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Family welcomes coroner's recognition of mental health failings

The family of a Deeside man who was killed after being hit by a train have welcomed the Coroner’s conclusion that failings in the mental health care provision contributed to his death.

Christopher Jones with his sister Rachel

5 September 2016

The lawyer for the family of a Deeside man who was killed after being hit by a train, have said that they are pleased by the Coroner’s conclusion that failings in the mental health care provision to Christopher Jones, 26, contributed to his death.

Emma Jones from the human rights team at Leigh Day is representing Mr Jones’ family in a legal challenge against the Betsi Cadwaladr University Health Board (BCUHB) after Mr Jones killed himself.

John Gittins, the coroner for North Wales East and Central recorded a narrative conclusion at the inquest in Ruthin, voicing his concern about delays in the care and treatment of people with mental health issues.

Mr Gittins added that as part of his responsibility to try to prevent future deaths he would be issuing a Regulation 28 letter to the BCUHB.

Mr Jones was discharged from hospital in January 2015 after taking an overdose. On June 15 2015 he was hit by a fast-moving train near Chemistry Lane, Pentre, Deeside, days before he was due to have an emergency review.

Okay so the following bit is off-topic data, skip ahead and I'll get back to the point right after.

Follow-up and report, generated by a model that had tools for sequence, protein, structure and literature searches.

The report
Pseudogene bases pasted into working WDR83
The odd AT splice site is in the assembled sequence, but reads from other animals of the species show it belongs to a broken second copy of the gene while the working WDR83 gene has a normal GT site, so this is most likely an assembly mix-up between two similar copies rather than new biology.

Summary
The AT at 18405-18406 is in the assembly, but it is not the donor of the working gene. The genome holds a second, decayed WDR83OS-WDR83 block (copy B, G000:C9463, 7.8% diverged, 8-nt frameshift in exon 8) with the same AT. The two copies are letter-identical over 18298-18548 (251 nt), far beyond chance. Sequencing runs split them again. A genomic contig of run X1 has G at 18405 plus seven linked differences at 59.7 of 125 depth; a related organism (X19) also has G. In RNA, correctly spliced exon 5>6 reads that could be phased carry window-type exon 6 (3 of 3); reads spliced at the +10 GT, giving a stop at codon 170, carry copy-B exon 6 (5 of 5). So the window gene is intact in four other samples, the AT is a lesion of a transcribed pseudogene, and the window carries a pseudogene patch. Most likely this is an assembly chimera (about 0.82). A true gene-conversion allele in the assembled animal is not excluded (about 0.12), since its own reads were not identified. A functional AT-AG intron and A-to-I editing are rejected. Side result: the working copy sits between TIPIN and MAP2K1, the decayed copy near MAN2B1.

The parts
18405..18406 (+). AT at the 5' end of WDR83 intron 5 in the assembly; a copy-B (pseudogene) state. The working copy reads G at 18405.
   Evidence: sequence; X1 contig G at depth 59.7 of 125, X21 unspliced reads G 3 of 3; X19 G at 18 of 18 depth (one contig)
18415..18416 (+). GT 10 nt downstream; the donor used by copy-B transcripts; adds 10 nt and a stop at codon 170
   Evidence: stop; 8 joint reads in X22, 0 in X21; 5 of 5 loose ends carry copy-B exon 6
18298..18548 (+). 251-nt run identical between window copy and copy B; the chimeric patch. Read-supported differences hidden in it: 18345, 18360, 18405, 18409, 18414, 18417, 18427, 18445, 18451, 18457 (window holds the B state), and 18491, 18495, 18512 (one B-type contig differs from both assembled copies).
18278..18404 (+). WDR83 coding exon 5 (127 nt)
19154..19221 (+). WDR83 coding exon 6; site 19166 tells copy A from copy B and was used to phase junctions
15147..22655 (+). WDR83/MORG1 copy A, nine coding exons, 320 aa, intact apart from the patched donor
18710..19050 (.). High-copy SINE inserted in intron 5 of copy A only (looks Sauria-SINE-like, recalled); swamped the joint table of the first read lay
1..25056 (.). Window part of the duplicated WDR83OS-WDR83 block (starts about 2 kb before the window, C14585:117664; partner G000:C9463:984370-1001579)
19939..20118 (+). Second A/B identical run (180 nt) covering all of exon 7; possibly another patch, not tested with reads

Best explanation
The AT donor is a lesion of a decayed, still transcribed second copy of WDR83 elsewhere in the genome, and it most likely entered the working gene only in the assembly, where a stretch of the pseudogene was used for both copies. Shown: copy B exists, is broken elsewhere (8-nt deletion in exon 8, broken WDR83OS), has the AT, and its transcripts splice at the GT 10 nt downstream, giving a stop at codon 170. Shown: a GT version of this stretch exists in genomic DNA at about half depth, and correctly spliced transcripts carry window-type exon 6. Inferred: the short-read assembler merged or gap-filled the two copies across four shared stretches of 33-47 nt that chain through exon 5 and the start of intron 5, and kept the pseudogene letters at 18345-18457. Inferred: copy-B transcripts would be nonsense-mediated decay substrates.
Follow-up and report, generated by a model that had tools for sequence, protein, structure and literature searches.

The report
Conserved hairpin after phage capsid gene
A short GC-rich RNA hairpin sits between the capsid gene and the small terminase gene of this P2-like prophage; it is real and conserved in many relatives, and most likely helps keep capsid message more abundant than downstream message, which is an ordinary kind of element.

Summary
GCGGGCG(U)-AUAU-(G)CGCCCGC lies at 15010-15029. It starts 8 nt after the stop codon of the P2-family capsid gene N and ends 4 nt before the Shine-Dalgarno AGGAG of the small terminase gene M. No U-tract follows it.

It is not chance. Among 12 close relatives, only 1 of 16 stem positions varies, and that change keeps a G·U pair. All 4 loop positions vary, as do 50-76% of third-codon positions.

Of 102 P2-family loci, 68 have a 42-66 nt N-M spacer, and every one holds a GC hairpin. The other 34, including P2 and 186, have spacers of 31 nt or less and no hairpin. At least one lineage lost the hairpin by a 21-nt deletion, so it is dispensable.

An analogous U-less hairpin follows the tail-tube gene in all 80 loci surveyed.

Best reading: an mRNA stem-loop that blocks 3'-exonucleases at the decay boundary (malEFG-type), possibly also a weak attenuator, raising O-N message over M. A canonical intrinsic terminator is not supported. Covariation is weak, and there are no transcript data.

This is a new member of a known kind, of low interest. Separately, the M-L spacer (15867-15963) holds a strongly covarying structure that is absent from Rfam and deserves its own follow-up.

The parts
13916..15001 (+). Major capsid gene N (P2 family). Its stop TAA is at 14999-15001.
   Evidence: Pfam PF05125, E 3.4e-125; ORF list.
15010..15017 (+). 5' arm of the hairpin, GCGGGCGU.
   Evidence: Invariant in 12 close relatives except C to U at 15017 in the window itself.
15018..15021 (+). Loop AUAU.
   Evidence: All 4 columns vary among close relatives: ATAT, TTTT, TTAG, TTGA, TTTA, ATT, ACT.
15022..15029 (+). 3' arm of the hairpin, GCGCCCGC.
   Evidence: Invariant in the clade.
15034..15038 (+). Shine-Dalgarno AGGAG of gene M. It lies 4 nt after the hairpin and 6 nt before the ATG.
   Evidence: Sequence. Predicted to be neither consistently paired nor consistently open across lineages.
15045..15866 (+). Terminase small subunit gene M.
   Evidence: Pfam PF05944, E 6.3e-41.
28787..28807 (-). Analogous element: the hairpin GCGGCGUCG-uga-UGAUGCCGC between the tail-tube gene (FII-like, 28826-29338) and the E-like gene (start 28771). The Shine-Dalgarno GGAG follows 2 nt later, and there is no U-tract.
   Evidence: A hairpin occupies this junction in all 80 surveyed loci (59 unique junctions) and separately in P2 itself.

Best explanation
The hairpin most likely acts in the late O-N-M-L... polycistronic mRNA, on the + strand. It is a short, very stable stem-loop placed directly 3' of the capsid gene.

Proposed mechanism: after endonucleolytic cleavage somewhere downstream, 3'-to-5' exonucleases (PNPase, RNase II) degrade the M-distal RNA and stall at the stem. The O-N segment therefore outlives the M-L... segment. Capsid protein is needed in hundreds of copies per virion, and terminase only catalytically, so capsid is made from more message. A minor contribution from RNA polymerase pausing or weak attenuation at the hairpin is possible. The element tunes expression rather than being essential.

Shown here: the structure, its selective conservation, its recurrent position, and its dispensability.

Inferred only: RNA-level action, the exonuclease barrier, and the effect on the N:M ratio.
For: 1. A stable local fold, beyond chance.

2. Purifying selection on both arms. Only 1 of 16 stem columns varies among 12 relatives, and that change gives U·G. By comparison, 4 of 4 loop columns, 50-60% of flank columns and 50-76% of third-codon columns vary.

In his conclusion Mr Gittins said that there was an “unsatisfactory delay” in the formulation of a care plan and risk assessment and to the “inadequate escalation of concerns at a time of significant decline in his [Mr Jones’] mental health”.

The Coroner also expressed concern about a delay in the introduction of cognitive behavioural therapy (CBT) which was planned for Mr Jones.

Emma Jones, a partner at Leigh Day, said: “My clients are pleased with this narrative conclusion as it recognised the failings in the treatment and care which Chris received.

“They are also satisfied that the coroner recognised the shortfall in the provision of treatments such as cognitive behavioural thearpy.

“Both the family and I hope that through the making of a Rule 28 report to the Betsi Cadwaladr University Health Board changes in the provision of treatment for people with mental health issues might start to happen.”

A spokesman for BCUHB said: “We have carried out a serious incident review, the findings of which were presented at today’s inquest, and we take on board the recommendations made by the coroner.”

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